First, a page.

BOSTON (AP) — Native American groups are marching and rallying on Boston Common on Saturday to observe Indigenous Peoples Day and to call on state leaders to do more to support their communities.
Organizers say they want Gov. Charlie Baker to make Indigenous People's Day a statewide holiday. They also want Christopher Columbus Waterfront Park in Boston’s North End to be renamed.
Mahtowin Munro, co-leader of United American Indians of New England, said state lawmakers also need to pass a number of bills long sought by local Native American groups.
Among them are proposals to ban Native American team mascots, to provide for Indigenous curriculum content in the public schools, to protect sacred Native American heritage, and to improve educational outcomes for Indigenous students.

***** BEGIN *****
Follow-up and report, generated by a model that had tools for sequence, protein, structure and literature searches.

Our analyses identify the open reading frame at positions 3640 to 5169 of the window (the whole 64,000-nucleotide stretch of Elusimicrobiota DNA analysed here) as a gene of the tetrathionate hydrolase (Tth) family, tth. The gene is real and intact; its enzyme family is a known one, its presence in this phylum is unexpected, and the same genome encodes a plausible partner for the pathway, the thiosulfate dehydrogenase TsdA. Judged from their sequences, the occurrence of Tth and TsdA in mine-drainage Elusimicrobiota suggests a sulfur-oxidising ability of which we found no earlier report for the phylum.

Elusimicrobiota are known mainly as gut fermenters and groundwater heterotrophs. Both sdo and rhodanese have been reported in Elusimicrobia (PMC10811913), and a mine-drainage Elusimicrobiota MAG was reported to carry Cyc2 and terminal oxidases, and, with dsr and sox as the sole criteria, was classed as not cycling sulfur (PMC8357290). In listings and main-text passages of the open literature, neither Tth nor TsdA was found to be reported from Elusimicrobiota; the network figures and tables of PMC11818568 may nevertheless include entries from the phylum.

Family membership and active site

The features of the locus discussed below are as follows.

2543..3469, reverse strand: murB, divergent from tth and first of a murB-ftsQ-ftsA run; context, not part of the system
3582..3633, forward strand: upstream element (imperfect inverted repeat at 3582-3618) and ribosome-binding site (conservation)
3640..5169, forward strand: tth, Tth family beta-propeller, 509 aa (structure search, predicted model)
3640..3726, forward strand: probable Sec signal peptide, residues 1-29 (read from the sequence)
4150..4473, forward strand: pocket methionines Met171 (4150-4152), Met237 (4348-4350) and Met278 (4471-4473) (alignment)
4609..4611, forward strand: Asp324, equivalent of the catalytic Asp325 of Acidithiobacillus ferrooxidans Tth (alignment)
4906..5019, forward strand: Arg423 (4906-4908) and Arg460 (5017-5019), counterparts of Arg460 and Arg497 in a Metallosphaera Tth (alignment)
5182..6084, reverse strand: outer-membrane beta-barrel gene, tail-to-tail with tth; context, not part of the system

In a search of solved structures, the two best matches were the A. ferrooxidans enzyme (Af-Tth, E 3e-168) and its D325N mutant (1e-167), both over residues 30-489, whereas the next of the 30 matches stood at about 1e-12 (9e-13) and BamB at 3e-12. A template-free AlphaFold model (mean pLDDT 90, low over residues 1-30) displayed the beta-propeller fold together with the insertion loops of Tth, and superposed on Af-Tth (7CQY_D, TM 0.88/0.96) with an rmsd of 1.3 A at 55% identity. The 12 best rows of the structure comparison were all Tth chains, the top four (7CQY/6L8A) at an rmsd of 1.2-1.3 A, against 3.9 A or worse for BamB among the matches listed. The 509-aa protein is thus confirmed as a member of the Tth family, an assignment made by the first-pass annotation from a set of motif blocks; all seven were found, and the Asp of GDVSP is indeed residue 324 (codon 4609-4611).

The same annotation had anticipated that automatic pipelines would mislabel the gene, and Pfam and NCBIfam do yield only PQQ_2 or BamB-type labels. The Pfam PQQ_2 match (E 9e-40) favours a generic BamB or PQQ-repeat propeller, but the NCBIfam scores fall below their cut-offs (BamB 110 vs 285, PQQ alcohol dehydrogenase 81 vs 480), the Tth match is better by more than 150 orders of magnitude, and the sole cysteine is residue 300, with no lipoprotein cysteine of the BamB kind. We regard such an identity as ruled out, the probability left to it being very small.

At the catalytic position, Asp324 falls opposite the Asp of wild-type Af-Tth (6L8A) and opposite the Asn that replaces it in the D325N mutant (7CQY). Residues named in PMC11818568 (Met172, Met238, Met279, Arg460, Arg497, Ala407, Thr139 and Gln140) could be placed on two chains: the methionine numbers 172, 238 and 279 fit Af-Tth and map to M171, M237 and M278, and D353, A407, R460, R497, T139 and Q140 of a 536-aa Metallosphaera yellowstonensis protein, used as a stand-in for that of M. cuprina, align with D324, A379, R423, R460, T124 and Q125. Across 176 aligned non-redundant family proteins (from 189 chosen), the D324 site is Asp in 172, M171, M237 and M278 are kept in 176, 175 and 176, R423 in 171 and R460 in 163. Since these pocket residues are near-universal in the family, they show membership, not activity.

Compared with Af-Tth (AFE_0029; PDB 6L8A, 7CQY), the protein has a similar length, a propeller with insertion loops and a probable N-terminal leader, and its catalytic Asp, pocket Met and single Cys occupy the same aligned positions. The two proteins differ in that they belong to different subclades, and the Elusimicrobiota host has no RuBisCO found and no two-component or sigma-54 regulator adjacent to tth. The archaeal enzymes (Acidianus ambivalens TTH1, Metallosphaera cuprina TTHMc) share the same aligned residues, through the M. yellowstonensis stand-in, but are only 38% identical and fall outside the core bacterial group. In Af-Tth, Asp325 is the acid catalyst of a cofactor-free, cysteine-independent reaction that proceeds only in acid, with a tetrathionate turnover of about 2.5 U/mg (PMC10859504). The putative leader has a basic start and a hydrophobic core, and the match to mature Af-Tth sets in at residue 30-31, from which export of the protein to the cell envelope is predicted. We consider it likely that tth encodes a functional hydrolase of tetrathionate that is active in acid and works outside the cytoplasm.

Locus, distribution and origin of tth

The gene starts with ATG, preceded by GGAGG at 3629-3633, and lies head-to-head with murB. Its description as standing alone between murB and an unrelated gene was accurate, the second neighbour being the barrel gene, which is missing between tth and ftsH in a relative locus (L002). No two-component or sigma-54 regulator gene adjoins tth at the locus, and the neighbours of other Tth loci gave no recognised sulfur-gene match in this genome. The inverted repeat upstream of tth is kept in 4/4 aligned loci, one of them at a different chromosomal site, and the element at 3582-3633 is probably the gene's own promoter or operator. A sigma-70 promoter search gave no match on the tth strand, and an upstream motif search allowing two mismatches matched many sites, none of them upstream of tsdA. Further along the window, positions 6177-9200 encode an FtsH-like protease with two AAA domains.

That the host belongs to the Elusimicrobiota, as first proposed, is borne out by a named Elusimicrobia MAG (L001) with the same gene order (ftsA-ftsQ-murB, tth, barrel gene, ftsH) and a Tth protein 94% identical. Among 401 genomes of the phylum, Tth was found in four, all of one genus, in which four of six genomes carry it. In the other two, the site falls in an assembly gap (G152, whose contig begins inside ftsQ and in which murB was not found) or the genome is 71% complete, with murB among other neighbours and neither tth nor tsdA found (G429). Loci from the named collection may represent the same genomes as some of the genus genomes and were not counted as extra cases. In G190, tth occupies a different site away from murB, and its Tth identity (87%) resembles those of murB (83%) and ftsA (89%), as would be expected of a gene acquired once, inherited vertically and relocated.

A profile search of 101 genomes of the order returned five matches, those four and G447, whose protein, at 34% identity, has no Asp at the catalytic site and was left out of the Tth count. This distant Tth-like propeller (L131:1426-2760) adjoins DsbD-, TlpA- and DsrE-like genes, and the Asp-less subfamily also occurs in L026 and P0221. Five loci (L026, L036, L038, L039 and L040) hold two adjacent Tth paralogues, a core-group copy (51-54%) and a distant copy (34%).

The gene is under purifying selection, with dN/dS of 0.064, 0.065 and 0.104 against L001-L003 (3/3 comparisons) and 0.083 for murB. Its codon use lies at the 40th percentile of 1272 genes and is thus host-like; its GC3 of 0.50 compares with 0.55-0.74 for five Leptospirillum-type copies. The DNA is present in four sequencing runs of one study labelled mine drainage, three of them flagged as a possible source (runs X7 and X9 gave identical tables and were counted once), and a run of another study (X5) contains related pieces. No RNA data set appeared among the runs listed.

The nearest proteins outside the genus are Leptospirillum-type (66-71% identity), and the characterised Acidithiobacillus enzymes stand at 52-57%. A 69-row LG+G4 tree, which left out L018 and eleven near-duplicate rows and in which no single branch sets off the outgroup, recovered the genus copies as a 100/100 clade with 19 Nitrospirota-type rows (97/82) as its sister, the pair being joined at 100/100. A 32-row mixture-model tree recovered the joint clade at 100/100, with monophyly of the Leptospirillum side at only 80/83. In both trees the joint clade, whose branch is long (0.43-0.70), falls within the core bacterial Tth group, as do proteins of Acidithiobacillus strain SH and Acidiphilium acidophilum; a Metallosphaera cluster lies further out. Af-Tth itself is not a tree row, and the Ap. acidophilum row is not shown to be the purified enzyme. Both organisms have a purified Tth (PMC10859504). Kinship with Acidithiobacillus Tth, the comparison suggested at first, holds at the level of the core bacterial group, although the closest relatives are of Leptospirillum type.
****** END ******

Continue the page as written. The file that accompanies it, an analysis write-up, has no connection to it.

Saturday's organizers say they also want city and state officials to begin tracking public health data on indigenous people so that they can begin to address the impacts of racial injustice and economic inequality on Native American communities.
Earlier this month, acting Boston Mayor Kim Janey declared the second Monday of October as Indigenous Peoples Day, replacing Columbus Day in the city.
Native American groups have been pushing for years to change the holiday honoring European explorer Christopher Columbus to one that recognizes the decimation of indigenous peoples that began with Columbus’ arrival in the Americas.